Yes, that’s right, it’s a bear with topless island girls, having a cocktail. Oh, and an old miner too. That’s from the drink menu for a very unique Tiki bar in Alaska. Right, Alaska. This great menu is obviously a perversion parody or the classic Trader Vic’s menu. In one image, that bear is doing something with an Alaskan native totem pole. For a moment I wondered if this wasn’t pre-Tiki, as the only Tiki cocktail on the menu was Don the Beachcomber’s Zombie. But then, duh! It’s the Trader’s menu! So, maybe it is mid to late 30′s. Very low prices and few classic cocktails as we knew them.
There is a great thread on Tiki Central that details the quest for this place and what might remain of it. Pictures unearthed by Unga Bunga and Taboo Dan:
James Teitelbaum was on his way to try to find what remained of the place, but, it turns out, most everything there was destroyed by an earthquake in 1964. Bummer.
I have narrowed my collecting over the years, mainly due to the fact that I could quickly run out of space. Now that the Hideaway is in operation, I limited it even more.
One of the few things I do collect now are items from the Hawaii Kai, NYC. In the last few months, my very favorite recordings have become the live recordings from various island and Tiki establishments. Nothing is better than the sound of forks on plates in the background!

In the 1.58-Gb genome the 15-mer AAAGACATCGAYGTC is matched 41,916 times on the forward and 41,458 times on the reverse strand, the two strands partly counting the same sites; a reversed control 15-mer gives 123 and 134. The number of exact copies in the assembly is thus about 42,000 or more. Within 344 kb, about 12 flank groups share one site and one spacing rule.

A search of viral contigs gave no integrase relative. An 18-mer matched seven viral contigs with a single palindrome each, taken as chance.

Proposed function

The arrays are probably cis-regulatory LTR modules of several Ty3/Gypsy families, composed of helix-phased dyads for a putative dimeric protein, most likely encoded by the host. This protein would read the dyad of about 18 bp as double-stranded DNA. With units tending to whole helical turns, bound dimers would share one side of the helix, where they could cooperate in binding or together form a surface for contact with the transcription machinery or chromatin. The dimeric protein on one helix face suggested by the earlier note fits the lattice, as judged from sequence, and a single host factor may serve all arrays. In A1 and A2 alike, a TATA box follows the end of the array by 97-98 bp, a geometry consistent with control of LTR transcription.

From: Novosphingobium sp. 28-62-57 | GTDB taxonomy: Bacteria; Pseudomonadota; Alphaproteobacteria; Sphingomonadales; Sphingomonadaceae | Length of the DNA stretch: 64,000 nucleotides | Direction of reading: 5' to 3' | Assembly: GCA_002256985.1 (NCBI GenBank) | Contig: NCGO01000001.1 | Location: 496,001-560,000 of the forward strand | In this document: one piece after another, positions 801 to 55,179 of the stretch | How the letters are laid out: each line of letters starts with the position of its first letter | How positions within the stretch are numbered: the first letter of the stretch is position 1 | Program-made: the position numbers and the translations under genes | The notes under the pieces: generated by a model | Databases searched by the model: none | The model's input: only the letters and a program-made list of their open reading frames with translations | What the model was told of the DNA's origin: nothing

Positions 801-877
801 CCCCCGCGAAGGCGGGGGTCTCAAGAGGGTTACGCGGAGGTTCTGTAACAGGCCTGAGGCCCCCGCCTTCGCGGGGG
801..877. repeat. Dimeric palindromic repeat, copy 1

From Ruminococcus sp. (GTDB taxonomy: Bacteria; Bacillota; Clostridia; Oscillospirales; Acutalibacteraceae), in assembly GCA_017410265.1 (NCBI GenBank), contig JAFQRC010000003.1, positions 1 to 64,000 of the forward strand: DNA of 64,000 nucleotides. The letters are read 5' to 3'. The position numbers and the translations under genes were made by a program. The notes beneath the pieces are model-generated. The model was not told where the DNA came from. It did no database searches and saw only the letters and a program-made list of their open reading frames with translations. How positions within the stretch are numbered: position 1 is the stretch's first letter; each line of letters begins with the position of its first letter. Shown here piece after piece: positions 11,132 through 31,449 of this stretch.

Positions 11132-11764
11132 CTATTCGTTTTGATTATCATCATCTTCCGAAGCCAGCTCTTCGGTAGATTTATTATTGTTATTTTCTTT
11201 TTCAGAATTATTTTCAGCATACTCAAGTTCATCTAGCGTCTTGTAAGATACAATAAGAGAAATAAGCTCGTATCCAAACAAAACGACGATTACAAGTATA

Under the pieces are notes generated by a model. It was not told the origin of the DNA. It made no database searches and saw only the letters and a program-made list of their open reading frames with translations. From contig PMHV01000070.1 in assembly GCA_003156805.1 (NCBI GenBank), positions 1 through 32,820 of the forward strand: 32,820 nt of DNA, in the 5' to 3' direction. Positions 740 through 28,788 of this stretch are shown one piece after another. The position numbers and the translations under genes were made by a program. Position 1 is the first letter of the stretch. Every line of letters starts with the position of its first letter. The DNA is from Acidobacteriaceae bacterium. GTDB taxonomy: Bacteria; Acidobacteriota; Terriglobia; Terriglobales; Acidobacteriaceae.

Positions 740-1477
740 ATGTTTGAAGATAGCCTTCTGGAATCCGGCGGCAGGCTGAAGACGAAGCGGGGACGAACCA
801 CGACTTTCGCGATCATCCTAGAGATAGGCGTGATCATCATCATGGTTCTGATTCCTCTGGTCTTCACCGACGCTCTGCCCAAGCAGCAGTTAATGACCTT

So when I came across this LP I thought I had hit a home run. However, I was more than a little disappointed to find out that it was a studio recording.
Here it is for you to download. If some expert out there can tell me what is causing the high end distortionin my recordings I’d appreciate it. My guess is the needle on the turntable. It is not a problem with recording levels, etc. It is at the source.
More help from Tiki 65 Saturday. We had to rehang the thatch over the bar. The support hook was not to our satisfaction and a few other tweaks. That was done. The big job was the bar top install.
Once the front row was installed, being very sure of the fit, it made the rest fit in lpace fairly easily.
11 foot bar, that’s near 3 feet deep, meant a lot of looking at flooring. We found what we wanted, and it turned out that one box would cover the whole bar. That was a very lucky break on this special order. We could not have bought another piece. Sahara is the color and it is very close to the look of the bar and tables at the Mai Kai. Ours has square pegs in it. It is hand scraped and faux aged bamboo. We tested a scrap piece by leaving a glass of ice water sitting on it for 24 hours. No change. No water penetrated.
I also reworked the foot rest. Picked to good straight pieces of 5 inch bamboo and cut them to match. We’ll do a little decoraing on them and screw them in when we do the bar front later.
More detail at Tiki Central.
It’s been slow going. Leaks have kept us from going forward with much energy. Got a bit done this weekend and hope to get and keep some momentum.
Did some finishing under the thatch. Where I had painted the ceiling black had to be painted back to match the wall.